If you’re in Norfolk on Sunday, then head to St Barnabas chapel – a stone church built for Church of England missionaries in 1880 from the ruins of the island’s first gaol (jail).For outdoor fun, drive to the top of Mt Pitt (316m) on sunset for a stunning panoramic view of the island, walk to the top of Mt Bates (318m, the highest point of the island) or book a horse and carriage ride on Culla & Co’s beautiful Clydesdale ponies.Start the day with some home grown Anson coffee (look out for Fred’s mobile van serving Anson coffee).
Walk, bike or golf your way through Kingston’s historic convict ruins.
Snorkel within a stone’s throw of a settlers’ cemetery dating back to the late 1700s or take in any one of the island’s many heritage museums.
Throw in an increasing organic food scene and warm year-round temperatures and you have a perfect stop off on any trip Down Under. Many of the activities in Norfolk center around its early history – and there is a limitless selection of things to do.
Visit Fletcher’s Mutiny Cyclorama, an award-winning cyclorama at Burnt Pine that explores the history behind the mutiny of the Bounty.
Norfolk Island, a small pine-covered island in the South Pacific Ocean, is perhaps best known for its fascinating social history.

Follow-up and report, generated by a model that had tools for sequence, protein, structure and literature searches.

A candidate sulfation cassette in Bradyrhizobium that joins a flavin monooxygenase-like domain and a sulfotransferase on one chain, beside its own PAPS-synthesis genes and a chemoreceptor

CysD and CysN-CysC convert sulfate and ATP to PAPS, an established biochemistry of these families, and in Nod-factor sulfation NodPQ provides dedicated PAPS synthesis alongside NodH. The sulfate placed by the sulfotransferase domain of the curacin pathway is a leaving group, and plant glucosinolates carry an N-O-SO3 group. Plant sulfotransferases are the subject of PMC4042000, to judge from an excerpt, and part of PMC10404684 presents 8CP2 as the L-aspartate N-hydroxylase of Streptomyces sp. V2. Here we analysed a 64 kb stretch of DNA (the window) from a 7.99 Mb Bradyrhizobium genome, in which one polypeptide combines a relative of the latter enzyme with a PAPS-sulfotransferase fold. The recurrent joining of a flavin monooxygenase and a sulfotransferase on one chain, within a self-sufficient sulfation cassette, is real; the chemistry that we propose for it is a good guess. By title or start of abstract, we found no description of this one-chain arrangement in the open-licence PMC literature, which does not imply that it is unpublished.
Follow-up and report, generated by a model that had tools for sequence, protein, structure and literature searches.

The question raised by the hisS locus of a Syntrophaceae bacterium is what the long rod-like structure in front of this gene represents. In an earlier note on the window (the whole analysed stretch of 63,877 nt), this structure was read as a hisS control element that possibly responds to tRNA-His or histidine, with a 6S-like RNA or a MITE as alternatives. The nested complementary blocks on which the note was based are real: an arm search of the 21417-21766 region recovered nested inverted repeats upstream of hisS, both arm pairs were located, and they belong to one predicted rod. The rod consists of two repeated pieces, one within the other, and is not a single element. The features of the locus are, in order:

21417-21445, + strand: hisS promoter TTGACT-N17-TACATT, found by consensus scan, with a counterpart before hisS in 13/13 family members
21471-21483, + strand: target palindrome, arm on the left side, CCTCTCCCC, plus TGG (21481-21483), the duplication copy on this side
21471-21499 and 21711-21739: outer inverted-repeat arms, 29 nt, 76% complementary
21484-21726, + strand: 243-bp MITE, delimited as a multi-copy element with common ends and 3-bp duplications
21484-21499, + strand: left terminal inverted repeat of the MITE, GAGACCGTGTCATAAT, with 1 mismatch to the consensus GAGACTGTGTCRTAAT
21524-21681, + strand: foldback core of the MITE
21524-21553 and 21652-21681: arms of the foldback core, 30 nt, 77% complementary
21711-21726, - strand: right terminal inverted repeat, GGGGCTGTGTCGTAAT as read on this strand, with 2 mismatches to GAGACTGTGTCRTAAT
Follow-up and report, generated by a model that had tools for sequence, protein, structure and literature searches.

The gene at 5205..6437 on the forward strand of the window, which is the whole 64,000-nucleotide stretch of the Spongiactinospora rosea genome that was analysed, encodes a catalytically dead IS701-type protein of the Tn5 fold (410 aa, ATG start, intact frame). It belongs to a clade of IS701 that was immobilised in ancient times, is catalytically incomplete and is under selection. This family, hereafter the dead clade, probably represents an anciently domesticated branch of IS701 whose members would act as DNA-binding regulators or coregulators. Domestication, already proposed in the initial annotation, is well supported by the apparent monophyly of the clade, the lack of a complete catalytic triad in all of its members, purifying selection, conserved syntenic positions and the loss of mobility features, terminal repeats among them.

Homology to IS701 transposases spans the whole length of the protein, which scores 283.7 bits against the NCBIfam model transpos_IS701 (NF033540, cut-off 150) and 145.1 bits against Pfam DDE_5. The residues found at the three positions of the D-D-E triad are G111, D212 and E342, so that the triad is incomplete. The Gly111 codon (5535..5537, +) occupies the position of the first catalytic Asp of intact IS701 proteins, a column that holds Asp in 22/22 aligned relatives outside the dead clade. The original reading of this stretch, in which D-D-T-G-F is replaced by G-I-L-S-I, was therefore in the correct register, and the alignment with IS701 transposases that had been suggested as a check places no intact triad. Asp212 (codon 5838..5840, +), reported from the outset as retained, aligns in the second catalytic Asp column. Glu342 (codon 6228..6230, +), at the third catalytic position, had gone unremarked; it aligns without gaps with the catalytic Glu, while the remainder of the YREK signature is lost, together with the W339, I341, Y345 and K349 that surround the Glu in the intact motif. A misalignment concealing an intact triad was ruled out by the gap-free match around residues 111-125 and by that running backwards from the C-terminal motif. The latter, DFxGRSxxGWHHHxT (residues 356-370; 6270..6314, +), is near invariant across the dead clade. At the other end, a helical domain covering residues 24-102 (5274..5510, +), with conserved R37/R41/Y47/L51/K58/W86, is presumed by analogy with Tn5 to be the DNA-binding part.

Once occupied by Polynesians, then twice used as a penal colony by Australia between 17, Norfolk was eventually settled by the descendants of the mutineers from the HMS Bounty.When you’re finished, pop into Hilli Restaurant & Cafe for lunch. To meet the locals, get along to Norfolk’s farmers’ produce market (Saturday from 7.30am) or the island markets (Sundays from 8.30am) held in the Bi-Centennial Complex on Taylors Road. Books by famous Australian author and Norfolk Island resident Colleen Mc Cullough are firm favourites. Keep in mind the speed limit is a laid back 25 miles per hour (40kms per hour) and it is common practice to wave to all passing traffic.Just 35 square kilometres in size, Norfolk is two-and-half hours from Australia’s east coast and a 90-minute flight from Auckland, New Zealand. From its extraordinary convict buildings set in a UNESCO World Heritage site to the crystal clear waters of Emily Bay, Norfolk Island is a haven for history buffs, foodies and people who love exploring the outdoors.The kin of British mutineers once washed up on its shores, which are today enjoyed by travellers who walk the coastline, snorkel the bay and pick their way throughout the remnants of the former convict colony.If you’ve got a day to fill, consider taking a bird watching or fishing tour.Or you can keep your feet dry by booking a glass bottom boat tour of the island’s lagoons. Norfolk has an impressive seasonal, fresh and island-grown food scene – and plenty of paddock-to-plate options.